Our results agree with a study published by Adachi et al. 2015 in Japanese population who assessed the performance of GFR equations compared with inulin clearance as a gold standard in 14 patients with cirrhosis. They found that eGFRcys was more accurate than Cr-based eGFR in estimating renal function in cirrhotic patients. Moreover, they found that CysC-based eGFR and not creatinine-based eGFR equations, along with albumin, Child-Pugh grade, and the presence of hepatocellular carcinoma, was independently associated with overall survival in 49 cirrhotic patients [17]. Another study evaluated serum CysC in 70 Egyptian patients who were potential candidates for living donor liver transplantation with serum creatinine < 1.5 mg/dl, as a marker of early renal impairment (GFR of 60–89 ml/min/1.73 m2). They found that CysC and CysC-based equations had the highest significant correlation to GFR as measured by 99mTc-DTPA renal scan [18].

Another study from Germany conducted on ninety-seven in hospital patients with cirrhosis and 24-h creatinine clearance of at least 40 ml/min to assess the value of serum CysC concentration in the detection of moderately impaired renal function. They found that serum CysC is a valuable marker for early diagnosis of moderately impaired renal function in patients with cirrhosis especially in female patients or with child-Pugh class C with high diagnostic sensitivity (77.8% and 86.7% respectively), greater than sCr (38.9% and 60%) [19].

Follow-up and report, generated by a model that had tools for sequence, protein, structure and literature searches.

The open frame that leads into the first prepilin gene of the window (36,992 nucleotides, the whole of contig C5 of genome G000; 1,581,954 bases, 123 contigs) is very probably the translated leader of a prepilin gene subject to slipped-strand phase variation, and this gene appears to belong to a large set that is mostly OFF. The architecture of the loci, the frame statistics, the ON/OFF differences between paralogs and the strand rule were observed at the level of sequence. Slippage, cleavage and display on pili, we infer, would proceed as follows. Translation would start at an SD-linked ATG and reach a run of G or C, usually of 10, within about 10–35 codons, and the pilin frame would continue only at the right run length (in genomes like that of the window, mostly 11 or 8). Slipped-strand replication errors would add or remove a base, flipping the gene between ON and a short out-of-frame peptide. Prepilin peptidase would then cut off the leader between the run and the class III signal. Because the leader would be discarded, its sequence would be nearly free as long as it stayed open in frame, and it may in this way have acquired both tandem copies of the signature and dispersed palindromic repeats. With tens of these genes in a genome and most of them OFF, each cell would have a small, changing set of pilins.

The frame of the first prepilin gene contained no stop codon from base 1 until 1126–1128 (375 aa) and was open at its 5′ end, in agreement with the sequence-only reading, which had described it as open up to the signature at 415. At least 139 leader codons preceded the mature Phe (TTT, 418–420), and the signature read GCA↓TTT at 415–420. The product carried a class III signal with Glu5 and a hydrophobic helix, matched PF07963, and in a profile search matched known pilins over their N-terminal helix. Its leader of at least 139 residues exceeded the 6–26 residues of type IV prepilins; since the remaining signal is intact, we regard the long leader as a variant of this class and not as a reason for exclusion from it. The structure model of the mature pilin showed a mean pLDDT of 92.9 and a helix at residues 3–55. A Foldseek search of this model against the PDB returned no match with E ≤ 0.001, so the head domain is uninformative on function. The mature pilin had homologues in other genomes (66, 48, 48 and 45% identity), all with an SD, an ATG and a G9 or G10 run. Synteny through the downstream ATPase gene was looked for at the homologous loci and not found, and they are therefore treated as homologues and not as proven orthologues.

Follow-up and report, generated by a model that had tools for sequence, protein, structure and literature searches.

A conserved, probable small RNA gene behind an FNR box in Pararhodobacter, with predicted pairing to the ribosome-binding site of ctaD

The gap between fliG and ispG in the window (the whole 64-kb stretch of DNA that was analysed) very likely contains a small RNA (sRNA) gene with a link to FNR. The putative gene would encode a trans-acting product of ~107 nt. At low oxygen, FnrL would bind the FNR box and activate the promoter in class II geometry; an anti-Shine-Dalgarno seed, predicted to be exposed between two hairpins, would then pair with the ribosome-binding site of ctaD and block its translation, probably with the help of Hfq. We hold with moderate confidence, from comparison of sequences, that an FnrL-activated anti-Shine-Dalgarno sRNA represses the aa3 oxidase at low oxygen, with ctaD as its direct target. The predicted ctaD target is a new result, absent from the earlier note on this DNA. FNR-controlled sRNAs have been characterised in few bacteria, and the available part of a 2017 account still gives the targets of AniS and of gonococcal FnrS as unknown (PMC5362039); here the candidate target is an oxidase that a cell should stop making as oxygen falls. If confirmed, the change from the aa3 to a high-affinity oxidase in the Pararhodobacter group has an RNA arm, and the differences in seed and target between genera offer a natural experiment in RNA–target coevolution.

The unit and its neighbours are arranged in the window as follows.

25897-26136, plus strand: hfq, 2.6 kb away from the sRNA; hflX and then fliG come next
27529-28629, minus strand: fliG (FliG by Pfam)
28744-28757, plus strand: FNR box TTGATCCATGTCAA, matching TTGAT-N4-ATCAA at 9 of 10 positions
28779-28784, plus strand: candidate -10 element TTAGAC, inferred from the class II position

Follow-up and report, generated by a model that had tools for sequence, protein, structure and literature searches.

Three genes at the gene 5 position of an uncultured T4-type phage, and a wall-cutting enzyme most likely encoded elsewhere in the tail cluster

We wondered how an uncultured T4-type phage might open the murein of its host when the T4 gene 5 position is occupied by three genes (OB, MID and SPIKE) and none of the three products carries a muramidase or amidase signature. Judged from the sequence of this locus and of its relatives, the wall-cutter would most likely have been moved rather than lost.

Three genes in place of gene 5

A cross-sectional analysis conducted in diverse populations with 1119 participants from 5 different studies in which GFR was measured with CysC and Cr assays were traceable to primary reference materials. The combined Cr–CysC equation had been shown to perform better than equations based on either of these markers alone at different GFR and may be useful as a confirmatory test for chronic kidney disease [20].

Our cross-sectional study has some limitations. First, the sample size is relatively small and might affect the statistical power. Second, the survival correlation of the different equations is needed to be studied on a longer follow-up.

Conclusion

In conclusion, we report that GFRcr-cys formula has the best precision and accuracy in estimating GFR in Egyptian patients with liver cirrhosis irrespective of sex or degree of mGFR. This is of utmost importance in patients with refractory hepatic encephalopathy or being evaluated for liver transplantation. Our study in addition to similar studies should spark investigations on the influence of population diversity on different eGFR equations.

Availability of data and materials

Available.

Abbreviations

GFR:

Glomerular filtration rate

HCV:

Hepatitis C virus

CKD-EPI:

Chronic kidney disease–epidemiology collaboration

MDRD:

Modification of diet in renal disease

MELD:

Model for end-stage liver disease

ACLF:

Acute on chronic liver failure

KDIGO:

Kidney Disease Improving Global Outcomes

mGFR:

Measured glomerular filtration rate